Literature I have reviewed and the special works cited here indicate that
Aristophanes had an ability to target his victims with a serious, sometimes bitter, intensity and yet come up with a very funny play. With this in mind it is sobering to consider Sommerstein’s statement that, “Much as Aristophanes liked being laughed at, and winning prizes for it, he would probably have liked even more to have been listened to” (1983, p.45). This perhaps sums up why throughout the ages the political satirist is compelled by a passionate ideological point of view to speak out, in the faint hope that someone will not only listen and laugh but also work for change. Whether political satire on stage, or indeed elsewhere, has the possibility of encouraging change is an area for research beyond the scope of this exegesis.
From the evidence gathered it seems that the traditional conventions of
Aristophanes have carried through from one generation of writer to another, with some slight modifications in presentation techniques. From time to time the
legitimate theatre has been closed down by authorities or made subject to strict controls by political or ecclesiastical pressure. This led to a broadening of the illegitimate theatre, popular entertainment that garnered many of the traditional conventions while adding different techniques. Each generation adds techniques and styles that suit not only the subject matter but also the cultural symbols of the day.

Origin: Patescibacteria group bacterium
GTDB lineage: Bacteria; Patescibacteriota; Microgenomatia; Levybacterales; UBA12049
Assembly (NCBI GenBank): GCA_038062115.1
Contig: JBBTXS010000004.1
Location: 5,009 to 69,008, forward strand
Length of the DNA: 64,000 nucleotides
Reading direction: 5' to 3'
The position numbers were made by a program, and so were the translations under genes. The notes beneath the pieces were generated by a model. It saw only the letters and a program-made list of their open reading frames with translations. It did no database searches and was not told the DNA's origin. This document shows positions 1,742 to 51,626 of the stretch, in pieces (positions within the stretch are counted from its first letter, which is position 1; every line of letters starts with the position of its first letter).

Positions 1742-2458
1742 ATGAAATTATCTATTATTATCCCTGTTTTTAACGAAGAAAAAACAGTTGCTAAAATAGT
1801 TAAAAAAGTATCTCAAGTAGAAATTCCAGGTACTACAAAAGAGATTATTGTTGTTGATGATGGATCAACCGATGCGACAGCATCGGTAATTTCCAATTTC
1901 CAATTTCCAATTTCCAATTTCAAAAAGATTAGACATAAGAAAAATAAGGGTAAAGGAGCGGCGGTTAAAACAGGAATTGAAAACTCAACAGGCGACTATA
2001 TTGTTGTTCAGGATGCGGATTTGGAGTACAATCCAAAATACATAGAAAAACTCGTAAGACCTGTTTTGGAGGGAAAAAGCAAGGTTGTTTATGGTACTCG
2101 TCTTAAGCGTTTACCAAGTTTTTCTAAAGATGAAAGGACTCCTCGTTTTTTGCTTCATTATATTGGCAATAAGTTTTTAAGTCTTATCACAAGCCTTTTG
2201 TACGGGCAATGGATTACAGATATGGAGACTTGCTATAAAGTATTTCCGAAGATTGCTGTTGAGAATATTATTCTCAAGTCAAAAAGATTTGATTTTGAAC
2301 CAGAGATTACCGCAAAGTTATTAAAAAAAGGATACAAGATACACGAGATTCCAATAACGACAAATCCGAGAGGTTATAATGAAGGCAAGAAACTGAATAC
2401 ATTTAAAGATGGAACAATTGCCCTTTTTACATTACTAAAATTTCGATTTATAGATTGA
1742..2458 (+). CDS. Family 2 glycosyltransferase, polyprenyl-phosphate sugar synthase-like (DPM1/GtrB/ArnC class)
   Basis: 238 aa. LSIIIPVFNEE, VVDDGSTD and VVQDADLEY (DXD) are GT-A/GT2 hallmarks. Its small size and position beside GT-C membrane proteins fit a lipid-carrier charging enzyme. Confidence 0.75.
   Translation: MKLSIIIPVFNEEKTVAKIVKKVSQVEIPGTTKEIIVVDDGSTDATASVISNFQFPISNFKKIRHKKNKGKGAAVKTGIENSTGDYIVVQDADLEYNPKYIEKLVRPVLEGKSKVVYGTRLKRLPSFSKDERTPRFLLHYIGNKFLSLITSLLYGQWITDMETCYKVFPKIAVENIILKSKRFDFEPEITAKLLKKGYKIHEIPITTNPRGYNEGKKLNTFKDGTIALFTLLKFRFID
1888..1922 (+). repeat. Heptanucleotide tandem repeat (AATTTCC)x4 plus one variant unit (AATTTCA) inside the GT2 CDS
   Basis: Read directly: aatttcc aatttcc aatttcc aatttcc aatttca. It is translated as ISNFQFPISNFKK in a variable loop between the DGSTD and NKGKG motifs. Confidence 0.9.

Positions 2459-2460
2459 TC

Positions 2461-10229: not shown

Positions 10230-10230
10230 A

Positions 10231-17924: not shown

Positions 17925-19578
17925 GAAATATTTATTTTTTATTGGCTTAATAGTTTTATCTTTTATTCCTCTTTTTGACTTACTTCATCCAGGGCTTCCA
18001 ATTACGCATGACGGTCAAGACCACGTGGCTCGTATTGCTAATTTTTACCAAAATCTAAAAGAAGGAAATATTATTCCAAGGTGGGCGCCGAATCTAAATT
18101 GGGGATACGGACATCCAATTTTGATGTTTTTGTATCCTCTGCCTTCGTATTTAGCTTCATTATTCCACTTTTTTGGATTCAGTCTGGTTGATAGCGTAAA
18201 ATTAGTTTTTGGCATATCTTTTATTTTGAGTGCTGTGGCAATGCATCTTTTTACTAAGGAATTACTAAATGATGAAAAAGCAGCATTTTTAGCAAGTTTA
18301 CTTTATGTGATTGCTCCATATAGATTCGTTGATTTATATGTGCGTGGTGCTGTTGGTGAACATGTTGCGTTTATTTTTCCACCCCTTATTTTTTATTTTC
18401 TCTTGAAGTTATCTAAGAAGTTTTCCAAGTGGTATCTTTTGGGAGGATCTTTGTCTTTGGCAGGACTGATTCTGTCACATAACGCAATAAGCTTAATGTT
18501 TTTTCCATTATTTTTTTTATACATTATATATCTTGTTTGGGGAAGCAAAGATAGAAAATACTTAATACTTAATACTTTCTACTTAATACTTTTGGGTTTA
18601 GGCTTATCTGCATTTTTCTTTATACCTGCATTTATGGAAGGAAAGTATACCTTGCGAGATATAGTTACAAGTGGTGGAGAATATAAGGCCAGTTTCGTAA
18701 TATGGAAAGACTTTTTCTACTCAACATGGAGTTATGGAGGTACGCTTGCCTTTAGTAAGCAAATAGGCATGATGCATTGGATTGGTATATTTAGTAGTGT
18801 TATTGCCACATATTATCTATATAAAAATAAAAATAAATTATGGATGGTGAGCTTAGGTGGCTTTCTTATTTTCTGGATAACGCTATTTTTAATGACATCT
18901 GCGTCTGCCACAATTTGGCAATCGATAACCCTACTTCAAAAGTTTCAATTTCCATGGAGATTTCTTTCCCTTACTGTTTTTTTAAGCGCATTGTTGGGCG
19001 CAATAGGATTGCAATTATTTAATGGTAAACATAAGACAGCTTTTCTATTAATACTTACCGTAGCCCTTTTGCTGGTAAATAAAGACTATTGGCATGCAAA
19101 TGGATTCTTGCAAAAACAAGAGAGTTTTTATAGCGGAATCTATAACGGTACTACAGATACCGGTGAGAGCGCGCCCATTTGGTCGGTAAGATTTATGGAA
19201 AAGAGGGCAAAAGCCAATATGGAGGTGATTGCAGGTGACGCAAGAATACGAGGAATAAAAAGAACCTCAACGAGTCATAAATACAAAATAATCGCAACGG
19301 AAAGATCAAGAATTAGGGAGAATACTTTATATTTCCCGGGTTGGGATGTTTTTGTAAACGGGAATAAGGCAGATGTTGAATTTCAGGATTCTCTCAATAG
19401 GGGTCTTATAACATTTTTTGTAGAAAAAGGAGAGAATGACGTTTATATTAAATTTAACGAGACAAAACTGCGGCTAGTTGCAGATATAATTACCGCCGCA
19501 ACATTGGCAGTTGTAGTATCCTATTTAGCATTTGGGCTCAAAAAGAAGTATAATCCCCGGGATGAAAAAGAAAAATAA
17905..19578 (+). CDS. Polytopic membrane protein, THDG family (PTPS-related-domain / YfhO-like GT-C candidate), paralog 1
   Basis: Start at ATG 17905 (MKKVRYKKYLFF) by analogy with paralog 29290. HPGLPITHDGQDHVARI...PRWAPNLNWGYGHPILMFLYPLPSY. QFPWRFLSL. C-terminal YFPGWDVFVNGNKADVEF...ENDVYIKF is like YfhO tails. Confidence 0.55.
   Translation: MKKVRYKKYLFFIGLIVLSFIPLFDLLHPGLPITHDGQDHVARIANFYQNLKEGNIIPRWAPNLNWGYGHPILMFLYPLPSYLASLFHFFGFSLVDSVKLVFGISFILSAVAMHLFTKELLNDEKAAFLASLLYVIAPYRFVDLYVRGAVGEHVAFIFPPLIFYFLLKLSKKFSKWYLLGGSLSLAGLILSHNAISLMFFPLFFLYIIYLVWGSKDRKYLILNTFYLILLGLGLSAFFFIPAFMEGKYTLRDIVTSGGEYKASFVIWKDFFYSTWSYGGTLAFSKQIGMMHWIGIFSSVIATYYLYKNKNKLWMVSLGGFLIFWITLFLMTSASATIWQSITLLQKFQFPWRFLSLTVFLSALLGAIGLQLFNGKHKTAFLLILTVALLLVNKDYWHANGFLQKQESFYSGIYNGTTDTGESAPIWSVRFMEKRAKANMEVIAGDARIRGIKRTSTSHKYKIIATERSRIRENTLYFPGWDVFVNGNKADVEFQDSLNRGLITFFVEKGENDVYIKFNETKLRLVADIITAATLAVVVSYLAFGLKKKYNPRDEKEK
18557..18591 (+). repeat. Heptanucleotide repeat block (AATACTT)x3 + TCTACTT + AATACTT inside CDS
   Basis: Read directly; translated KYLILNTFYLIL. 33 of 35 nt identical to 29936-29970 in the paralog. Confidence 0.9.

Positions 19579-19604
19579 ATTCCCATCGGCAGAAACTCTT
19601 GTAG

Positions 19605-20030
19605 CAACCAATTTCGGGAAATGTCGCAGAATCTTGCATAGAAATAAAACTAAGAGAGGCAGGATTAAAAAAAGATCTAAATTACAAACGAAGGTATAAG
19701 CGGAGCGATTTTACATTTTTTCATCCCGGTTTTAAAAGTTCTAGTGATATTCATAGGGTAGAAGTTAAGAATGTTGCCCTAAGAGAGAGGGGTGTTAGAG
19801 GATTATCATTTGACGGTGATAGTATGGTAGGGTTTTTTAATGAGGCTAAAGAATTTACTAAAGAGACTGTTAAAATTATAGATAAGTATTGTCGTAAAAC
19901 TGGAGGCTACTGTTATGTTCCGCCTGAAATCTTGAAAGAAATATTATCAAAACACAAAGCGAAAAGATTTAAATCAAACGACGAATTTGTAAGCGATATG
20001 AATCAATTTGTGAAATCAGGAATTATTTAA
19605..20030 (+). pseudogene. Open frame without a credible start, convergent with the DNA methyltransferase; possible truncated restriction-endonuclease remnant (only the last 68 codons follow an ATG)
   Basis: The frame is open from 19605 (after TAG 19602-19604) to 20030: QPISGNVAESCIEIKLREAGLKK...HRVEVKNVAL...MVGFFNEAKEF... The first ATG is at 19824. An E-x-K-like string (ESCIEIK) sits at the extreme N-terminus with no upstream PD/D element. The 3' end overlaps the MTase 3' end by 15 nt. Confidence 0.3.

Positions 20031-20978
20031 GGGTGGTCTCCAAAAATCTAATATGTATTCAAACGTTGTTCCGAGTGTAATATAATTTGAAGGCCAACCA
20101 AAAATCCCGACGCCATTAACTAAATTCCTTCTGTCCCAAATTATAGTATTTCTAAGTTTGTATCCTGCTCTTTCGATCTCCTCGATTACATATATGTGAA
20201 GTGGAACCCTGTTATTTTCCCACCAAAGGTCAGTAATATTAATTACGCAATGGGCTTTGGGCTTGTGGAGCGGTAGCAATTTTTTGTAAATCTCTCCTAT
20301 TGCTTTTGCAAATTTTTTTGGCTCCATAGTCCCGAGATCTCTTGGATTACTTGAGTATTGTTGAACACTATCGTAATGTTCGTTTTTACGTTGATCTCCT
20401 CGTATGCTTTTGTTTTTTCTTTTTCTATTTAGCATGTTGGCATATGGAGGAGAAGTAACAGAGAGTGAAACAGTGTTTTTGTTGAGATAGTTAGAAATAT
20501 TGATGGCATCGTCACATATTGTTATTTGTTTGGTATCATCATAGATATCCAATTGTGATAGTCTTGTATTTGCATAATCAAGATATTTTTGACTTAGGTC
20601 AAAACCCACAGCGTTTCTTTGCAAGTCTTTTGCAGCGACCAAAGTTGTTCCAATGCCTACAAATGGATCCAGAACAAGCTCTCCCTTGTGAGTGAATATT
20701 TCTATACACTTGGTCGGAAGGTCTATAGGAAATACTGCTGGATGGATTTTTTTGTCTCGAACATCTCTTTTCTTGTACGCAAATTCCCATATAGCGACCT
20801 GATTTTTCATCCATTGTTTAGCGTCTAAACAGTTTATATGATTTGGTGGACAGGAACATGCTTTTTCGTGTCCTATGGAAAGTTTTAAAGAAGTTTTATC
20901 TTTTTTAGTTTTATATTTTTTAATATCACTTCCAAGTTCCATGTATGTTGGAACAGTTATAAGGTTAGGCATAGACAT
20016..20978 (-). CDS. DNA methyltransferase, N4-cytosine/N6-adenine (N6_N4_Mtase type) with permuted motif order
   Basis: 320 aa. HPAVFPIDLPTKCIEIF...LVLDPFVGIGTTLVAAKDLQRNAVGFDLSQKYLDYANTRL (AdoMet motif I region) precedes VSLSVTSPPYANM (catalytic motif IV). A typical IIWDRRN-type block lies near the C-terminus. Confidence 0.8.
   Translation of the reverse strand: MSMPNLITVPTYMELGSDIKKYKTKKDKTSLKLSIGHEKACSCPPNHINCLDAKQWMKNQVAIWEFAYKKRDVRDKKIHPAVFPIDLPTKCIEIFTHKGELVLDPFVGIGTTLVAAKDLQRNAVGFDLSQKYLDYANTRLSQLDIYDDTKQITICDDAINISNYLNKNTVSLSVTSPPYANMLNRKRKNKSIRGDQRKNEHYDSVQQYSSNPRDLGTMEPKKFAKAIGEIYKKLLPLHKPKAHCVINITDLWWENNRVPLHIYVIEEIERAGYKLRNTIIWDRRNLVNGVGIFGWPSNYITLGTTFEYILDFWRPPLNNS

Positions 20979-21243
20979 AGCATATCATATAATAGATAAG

This includes the racy exhibitions of burlesque, the more discerning presentations of music hall, the screening of factual evidence via film, the latest use of technology as part of the set and flamboyant sound and lighting effects, all to emphasise the satiric quality of the play. These new techniques are neither prescriptive nor normative, they have evolved as minor adjustments to the traditional conventions as writers accentuate the terms of the society in which they write. Political satirists of each generation have relied heavily on the traditional conventions of Aristophanes. No matter how far removed the subject matter may seem from an Aristophanes play there remains an adherence to some, if not all, of the tropes he used. Studying these conventions has assisted me in the creation of my play, encouraging me to expand upon the essential connection between a play’s witty dialogue and its stylistic delivery. A clue to producing effective political satire seems to be this correct balance between comic stage-business and dialogue. Shakespeare grasped this knowledge and used it effectively, allowing his clowns to heighten his textual message in performance, the same as Aristophanes did. In this respect the writing of my play evolved gradually, as my discovery of the efficacy of Aristophanic tropes increased. Traditional conventions serve as an important guide to writing political satire. Although the practice part of this research, my play, will encompass the use of traditional conventions, a presentation of the final draft of the play would be needed to assist in gauging its relevance as a contemporary piece of political satire.